South Africa needs to actively drive for alternative sources of power such as Solar energy, however that will only take effect if driven by legislation and policies instituted by Government. Unfortunately the owners of mines who produce coal are very much linked to the decision makers in Government and therefore transition to other resources such as solar energy I doubt will go as quickly as we all hope for.

Richard Roberts said...

This was a great article, however energy development is problem the world around. You would think that with the levels of technology we are currently at as a generation there should be many more options and ideas for renewable energy sources. the fact of the matter is though that the huge corporations involved in the distribution of today's energy reserves are making more and more money off the ever increasing demand for energy and the ever reducing supply of it and why would they want to stop themselves making money. However i think that South Africa as a country has the potential to invest and show the world how useful renewable energy such as solar power can be.

Geoffrey Styles said...

"the ever reducing supply of it"

It's hard to break the perception of energy scarcity that has dominated the last four decades, but the preponderance of energy data say it's time to do so. US proved oil reserves are at a 30 year high, because we're now producing oil directly from source rock, rather than just scarce and depleting conventional reservoirs. Global oil reserves today are 26% higher than 10 years ago, despite a 14% increase in annual consumption in the same period. Oil prices are sinking today because there's more supply than demand, and that's only partly due to a weak global economy.



And it's not just oil. Gas is surging from unconventional sources and from conventional reservoirs in unexpected places. Renewables like wind and solar are becoming cost-competitive in locations with good resources. The real "fact of the matter" is that while the cost of energy remains a challenge for many economies, and emissions are still a problem, we have more energy from more sources than we imagined possible. Logistics--getting energy from source to market reliably and cost-effectively--is turning out to be a much bigger problem than production or generation. We need a new mindset that matches this new reality.

u14007313 said...

It is an interesting, thought-provoking and informative article! The possibility of solar power becoming the world's greatest electricity source by the year 2050 is an exciting prospect - we rely far too much on oil, coal and other non-renewable reserves for our sources of fuel and the Earth is taking serious strain because of this.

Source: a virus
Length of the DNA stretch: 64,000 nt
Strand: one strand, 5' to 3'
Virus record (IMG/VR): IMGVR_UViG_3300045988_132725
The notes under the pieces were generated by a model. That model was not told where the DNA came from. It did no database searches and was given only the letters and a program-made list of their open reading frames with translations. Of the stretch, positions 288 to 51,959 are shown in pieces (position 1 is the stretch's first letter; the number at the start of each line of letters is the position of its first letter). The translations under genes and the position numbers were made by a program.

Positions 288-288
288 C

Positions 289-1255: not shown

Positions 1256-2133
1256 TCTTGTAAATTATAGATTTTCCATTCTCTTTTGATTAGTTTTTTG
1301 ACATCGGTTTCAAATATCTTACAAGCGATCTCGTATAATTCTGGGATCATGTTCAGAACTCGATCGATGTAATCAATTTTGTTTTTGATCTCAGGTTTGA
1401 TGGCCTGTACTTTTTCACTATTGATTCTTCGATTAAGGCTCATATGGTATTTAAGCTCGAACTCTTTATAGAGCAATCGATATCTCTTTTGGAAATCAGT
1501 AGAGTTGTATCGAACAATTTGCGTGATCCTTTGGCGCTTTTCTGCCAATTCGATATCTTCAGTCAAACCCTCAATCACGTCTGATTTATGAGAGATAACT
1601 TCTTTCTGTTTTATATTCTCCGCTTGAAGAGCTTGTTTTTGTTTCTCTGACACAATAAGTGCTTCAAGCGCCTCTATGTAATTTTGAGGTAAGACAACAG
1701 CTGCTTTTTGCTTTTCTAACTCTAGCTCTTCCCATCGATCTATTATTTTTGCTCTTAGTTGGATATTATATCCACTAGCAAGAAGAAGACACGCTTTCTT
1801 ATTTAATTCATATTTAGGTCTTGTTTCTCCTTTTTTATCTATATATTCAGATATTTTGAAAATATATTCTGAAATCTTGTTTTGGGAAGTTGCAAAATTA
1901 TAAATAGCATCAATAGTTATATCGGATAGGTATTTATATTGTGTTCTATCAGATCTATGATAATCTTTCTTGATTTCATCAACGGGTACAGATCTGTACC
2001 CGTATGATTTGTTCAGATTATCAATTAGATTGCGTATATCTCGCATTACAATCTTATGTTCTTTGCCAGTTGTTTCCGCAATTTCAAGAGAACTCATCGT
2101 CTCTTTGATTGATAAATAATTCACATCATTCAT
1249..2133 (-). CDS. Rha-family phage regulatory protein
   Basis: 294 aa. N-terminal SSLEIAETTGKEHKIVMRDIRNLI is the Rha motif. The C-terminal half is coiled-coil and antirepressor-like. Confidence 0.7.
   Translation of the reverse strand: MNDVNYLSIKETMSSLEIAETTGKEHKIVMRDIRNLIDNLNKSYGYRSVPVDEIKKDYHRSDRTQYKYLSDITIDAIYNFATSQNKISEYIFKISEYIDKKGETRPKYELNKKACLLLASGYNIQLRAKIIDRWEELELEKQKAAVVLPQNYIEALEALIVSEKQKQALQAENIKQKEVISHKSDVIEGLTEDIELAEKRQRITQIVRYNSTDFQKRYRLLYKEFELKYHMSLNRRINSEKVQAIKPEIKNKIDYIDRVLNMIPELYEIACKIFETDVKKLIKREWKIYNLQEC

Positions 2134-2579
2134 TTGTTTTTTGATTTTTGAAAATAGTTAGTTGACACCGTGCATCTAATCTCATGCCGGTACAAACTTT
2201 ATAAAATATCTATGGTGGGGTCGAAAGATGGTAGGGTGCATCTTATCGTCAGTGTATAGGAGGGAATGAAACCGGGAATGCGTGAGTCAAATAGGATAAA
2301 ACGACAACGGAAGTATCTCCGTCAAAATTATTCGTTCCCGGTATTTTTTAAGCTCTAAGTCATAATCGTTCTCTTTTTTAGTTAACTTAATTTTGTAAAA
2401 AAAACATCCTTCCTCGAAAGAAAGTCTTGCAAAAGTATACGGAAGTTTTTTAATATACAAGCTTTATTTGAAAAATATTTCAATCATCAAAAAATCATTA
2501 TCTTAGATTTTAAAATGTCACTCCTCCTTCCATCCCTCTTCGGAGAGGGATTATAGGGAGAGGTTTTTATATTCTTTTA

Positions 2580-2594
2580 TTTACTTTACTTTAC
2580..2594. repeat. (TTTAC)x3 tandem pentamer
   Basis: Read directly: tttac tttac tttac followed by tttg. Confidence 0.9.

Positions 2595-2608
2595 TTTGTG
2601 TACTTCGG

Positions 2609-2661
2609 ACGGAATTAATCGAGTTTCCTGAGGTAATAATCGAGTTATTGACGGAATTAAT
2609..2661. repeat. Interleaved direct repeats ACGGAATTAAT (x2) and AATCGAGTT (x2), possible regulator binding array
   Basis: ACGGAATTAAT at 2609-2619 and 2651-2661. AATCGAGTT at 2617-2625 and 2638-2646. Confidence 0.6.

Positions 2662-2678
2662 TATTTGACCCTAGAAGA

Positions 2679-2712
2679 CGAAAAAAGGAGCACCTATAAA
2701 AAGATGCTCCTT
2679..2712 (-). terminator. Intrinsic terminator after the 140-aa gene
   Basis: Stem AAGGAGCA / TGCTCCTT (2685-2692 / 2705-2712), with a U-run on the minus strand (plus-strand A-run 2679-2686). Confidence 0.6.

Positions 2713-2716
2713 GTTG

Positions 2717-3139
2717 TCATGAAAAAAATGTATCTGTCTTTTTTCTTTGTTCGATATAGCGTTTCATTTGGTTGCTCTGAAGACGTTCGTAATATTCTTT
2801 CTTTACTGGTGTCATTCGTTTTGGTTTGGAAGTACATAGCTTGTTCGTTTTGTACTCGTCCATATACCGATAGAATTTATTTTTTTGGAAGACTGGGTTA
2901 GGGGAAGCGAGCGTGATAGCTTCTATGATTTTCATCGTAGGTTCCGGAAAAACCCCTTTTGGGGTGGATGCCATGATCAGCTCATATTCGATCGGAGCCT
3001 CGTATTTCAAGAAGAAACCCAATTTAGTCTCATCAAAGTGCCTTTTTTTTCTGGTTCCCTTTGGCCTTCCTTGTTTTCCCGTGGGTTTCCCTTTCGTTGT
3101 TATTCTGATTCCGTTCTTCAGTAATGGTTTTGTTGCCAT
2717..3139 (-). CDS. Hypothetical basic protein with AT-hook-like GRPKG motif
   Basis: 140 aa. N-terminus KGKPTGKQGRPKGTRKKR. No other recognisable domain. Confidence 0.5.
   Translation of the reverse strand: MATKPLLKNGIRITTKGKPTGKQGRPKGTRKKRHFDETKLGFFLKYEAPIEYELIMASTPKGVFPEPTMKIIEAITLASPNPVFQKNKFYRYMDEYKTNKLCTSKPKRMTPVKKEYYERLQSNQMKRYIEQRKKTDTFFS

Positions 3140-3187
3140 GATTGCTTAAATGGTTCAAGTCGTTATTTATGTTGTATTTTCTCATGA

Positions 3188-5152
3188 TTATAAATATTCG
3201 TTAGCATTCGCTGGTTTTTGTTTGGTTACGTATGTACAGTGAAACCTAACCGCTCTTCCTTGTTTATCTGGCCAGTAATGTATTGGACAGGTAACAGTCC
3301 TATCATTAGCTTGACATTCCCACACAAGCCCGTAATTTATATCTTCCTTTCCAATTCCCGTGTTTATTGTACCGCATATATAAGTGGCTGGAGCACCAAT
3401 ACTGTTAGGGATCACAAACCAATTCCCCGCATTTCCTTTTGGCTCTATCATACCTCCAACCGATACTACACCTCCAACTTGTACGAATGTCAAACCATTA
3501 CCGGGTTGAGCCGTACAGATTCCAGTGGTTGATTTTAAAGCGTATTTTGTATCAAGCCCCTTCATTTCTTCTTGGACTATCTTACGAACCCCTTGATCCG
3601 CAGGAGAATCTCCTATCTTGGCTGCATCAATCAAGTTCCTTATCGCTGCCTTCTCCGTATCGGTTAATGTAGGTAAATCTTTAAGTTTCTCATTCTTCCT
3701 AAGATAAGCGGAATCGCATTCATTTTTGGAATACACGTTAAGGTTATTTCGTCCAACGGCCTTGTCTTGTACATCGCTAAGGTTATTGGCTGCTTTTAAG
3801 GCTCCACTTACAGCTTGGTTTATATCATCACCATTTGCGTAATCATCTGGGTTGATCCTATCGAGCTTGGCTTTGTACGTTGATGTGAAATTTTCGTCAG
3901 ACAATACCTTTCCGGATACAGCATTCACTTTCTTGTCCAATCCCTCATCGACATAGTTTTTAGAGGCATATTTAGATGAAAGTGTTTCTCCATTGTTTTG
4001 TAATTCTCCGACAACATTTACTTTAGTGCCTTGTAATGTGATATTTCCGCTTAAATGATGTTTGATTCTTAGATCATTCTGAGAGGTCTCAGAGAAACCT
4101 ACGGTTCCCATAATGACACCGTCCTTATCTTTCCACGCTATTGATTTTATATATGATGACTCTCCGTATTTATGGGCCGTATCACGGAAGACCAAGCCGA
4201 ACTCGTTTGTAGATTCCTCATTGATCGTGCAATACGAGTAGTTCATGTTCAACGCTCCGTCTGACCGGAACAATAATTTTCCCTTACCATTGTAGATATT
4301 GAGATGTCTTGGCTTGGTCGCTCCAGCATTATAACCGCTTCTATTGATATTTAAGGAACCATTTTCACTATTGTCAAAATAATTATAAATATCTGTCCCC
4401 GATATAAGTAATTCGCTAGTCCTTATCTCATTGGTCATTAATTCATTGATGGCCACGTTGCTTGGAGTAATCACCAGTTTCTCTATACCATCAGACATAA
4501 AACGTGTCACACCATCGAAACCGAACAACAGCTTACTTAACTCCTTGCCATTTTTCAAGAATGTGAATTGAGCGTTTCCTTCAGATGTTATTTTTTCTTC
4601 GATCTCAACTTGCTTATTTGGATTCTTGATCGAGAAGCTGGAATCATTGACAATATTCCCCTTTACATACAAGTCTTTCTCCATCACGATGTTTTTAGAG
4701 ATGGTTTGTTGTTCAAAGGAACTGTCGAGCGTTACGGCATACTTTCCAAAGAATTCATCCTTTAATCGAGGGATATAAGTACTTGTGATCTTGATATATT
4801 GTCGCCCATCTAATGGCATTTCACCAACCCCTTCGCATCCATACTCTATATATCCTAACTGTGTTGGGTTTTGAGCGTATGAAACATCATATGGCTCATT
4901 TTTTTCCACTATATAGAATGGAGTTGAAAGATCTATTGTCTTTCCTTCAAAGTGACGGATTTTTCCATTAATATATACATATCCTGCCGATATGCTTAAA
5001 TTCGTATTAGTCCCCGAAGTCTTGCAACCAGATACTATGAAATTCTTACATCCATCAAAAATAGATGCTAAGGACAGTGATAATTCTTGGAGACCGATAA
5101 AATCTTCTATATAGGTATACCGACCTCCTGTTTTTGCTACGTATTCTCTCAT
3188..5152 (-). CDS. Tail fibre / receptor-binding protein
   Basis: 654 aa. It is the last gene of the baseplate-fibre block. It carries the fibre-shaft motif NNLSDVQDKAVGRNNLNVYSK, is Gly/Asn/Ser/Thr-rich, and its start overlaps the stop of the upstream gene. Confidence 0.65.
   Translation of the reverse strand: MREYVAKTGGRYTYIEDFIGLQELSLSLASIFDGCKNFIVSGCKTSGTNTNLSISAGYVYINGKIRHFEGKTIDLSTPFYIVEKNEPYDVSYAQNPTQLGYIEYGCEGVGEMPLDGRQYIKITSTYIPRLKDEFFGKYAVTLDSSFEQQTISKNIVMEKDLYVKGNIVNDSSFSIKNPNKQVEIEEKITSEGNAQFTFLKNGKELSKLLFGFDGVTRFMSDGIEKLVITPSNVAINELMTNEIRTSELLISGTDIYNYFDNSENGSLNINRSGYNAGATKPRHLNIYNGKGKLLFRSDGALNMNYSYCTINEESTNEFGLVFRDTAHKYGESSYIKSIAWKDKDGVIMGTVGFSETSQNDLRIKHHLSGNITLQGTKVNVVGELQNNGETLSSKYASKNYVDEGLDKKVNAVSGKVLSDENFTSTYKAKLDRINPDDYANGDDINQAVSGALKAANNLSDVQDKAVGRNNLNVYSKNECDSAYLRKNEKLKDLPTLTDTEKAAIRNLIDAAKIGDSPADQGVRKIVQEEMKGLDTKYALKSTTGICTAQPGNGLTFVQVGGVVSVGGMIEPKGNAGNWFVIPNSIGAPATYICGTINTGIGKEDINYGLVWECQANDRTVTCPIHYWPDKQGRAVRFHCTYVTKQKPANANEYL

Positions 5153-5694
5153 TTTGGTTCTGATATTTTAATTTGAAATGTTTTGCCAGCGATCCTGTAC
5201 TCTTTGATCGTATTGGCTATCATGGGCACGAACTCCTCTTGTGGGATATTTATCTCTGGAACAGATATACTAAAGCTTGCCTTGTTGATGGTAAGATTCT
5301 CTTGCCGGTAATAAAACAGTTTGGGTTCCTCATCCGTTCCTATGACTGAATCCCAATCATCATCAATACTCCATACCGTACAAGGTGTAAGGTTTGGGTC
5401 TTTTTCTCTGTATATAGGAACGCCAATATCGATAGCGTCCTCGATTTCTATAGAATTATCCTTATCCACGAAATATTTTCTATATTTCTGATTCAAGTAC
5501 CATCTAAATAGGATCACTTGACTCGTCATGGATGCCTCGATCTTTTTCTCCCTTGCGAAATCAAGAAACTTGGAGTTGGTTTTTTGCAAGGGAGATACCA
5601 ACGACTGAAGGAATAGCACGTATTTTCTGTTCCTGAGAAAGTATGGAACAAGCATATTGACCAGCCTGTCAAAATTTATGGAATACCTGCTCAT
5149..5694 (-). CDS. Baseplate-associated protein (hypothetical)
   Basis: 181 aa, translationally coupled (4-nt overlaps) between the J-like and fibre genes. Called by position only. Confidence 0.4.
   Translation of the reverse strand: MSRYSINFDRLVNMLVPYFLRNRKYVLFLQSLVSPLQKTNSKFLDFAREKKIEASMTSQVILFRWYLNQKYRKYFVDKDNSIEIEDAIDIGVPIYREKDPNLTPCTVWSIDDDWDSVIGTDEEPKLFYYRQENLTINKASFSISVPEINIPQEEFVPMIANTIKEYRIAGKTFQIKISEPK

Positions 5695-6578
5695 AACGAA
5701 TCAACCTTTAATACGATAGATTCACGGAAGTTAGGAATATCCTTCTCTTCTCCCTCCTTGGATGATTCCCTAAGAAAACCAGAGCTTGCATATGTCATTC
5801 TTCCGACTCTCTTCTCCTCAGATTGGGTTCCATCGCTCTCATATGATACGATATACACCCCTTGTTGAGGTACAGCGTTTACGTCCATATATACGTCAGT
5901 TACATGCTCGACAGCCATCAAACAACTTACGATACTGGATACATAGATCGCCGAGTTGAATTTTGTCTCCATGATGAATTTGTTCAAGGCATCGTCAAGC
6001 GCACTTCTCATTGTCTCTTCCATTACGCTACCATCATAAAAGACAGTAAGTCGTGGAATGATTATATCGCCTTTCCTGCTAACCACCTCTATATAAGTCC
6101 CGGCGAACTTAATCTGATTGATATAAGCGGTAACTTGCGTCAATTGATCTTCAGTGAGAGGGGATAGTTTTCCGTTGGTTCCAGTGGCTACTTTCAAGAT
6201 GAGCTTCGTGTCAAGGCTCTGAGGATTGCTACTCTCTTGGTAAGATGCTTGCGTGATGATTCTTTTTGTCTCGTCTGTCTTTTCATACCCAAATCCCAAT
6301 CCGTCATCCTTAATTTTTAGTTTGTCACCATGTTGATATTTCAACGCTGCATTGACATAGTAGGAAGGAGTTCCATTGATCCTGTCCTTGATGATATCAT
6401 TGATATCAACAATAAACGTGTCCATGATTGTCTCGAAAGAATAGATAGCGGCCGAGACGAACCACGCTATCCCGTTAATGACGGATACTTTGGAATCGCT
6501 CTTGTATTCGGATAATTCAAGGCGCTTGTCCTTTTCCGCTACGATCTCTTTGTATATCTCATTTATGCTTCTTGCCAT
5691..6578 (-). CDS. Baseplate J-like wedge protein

Political unrest and instability is also becoming an increasingly worrying factor. We may not be able to rely on the availability of oil for much longer, and it's reassuring to know that, fortunately, we will not become stuck because of it!

I am pleased that the world is making inroads into discovering more environmentally-friendly means of generating electricity, and look forward to a cleaner, greener future!

marco said...

this is a interesting article. It gives hope to people that there are a different form of energy for the future than just coal. With all of the political unrest in the world the availability of oil, coal and etc. is not a guarantee. I think solar is the way for the future.

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Geoffrey Styles said...

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Geoffrey Styles said...

Dave Thompson wrote:
"I believe that solar energy will become the leading energy source in the next few years. It is good for the environment as well. If solar power is not the leading energy source in a few years I will be very surprised."

First, I deleted your comment for inclusion of a commercial link. If you'd like to advertise on this site, please contact me at the address shown.

Second, if you do the math on solar as a fraction of the overall energy mix, it is clear that it cannot "become the leading energy source in the next few years." Suggesting otherwise is hype. However, there's a good chance solar will be a major energy source within 20 years, and that's a good thing. How big it gets will depend on the availability of cheap, high-capacity energy storage.

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Geoffrey Styles said...

Stephen Brown wrote:
"Like you mentioned, many different advances could be made in the next 35 years. I'm excited to see improvements in solar cell efficiency that could make solar the preeminent clean power source in the US. I hope to be able to drive a luxury car completely powered by solar panels someday."

Inclusion of an unauthorized advertising link got the content of your note deleted. If you'd like to advertise on this site, please contact me at the email provided.

As for a "luxury car completely powered by solar panels", unless you meant stationary panels not on the vehicle the math is rather daunting. While engineering students can build solar prototypes that go long distances with just a driver and featherweight construction, the surface area of a car can't catch enough sun, even at much higher efficiencies than today, to drive a real-world car more than a few miles a day.


Solar Installers Las Vegas said...

I really like the information provided in this article, As increasing pollution and global warming we must choose the renewable resources as they never cause any harm to our environment. The solar power is considered as the new energy for us and it is a green power for the environment, We should encourage more people using it in the life. thanks